Table 5. Average PCR-based detection of the endogenous SSIIb gene from maize in O. dancena fed experimental diets containing GM and non-GM maize for 30 weeks.
There are concerns related to the possibility of HGT of transgenic DNA to animals, as transgenic DNA fragments from GM diets have been found in the tissues of chickens (Gallus fallus), pigs (Sus scrofa), mice (Mus musculus), Atlantic salmon,and rainbow trout [16,34-38]. In particular, transgenic DNA fragments were detected in the internal organs of starved Nile tilapia (Oreochromis niloticus) and Atlantic salmon fed GM diets [17,39]. Figure 3 shows changes in the amplification of the Cry1A.105 gene following fish starvation. The gene was amplified in all experimental groups, and there were no significant differences in the amplification frequency among the groups (P<0.05). Consistent with previous studies, the amplification frequency decreased in all experimental groups as the period of starvation increased, with the exception of GM14. In most of the experimental group’s amplification of Cry1A.105 was found on the 20th day of starvation. It is assumed that this result is a consequence of the longer period of feeding in the present study compared with the preceding studies.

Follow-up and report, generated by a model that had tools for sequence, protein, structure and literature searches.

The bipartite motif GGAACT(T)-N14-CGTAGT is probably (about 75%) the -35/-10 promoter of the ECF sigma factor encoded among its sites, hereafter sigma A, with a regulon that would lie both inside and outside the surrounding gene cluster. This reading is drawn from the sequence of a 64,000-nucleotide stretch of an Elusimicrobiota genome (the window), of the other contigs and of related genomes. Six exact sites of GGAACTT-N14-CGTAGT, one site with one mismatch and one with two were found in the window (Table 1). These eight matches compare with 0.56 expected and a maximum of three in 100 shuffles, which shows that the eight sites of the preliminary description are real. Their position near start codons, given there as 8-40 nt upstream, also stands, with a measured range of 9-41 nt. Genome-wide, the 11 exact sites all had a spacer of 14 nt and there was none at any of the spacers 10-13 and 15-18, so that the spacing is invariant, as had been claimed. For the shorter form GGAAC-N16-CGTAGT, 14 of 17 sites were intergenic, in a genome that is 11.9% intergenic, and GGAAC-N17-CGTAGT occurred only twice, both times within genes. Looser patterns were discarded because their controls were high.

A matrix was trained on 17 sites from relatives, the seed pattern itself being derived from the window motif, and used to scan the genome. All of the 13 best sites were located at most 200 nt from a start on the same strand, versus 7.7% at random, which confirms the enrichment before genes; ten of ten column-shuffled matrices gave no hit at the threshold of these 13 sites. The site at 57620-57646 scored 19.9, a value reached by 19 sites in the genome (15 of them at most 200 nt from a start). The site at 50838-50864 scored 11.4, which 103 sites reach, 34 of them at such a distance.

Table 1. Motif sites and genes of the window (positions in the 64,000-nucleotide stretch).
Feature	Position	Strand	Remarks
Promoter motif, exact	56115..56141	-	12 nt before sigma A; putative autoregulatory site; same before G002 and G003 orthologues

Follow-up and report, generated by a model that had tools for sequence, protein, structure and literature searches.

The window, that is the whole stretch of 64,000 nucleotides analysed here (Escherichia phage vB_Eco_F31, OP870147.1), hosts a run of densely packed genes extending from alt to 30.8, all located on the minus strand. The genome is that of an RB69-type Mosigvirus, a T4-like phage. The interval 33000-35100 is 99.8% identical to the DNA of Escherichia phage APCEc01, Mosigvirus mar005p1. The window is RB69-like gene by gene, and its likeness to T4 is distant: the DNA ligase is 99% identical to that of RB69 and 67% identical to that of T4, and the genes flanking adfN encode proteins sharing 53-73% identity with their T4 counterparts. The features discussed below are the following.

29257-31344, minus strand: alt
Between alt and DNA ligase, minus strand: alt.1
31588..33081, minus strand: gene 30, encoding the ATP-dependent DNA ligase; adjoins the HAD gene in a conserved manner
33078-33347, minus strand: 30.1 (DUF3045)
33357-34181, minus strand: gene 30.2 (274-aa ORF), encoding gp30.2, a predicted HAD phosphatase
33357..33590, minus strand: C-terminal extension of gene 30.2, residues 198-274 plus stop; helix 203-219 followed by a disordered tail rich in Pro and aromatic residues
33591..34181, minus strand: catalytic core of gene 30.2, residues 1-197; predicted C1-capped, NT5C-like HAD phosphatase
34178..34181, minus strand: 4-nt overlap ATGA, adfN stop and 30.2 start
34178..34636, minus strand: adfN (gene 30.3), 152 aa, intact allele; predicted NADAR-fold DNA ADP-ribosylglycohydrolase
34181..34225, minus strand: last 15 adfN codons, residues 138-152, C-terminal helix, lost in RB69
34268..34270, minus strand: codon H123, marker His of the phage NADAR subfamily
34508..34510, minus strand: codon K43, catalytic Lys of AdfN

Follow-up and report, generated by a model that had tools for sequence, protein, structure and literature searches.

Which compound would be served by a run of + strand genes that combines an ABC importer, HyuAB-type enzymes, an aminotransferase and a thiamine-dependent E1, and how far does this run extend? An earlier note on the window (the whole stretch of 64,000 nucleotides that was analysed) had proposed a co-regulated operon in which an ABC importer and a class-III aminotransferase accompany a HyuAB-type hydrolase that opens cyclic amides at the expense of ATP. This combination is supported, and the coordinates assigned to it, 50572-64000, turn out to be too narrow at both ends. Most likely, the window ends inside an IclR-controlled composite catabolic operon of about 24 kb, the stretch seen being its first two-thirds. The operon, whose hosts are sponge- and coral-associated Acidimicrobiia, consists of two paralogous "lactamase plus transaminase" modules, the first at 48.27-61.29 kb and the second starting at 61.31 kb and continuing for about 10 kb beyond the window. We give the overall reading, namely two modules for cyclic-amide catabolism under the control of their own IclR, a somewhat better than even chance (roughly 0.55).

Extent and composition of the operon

Hohlweg and Doerfler  reported the detection of the endogenous plant gene ribulose-1, 5-bisphosphatecarboxylase/oxygenase (Rbc) in mice. In fish, Sissener et al.  reported amplification of an endogenous non-GM soybean gene from Atlantic salmon, while Chainark et al.  reported amplification of a chloroplast gene in rainbow trout. In this study, analysis of fish tissue types for amplification of the SSIIb maize gene using PCR (Table 5) showed that the gene was present in the control and all treatment groups.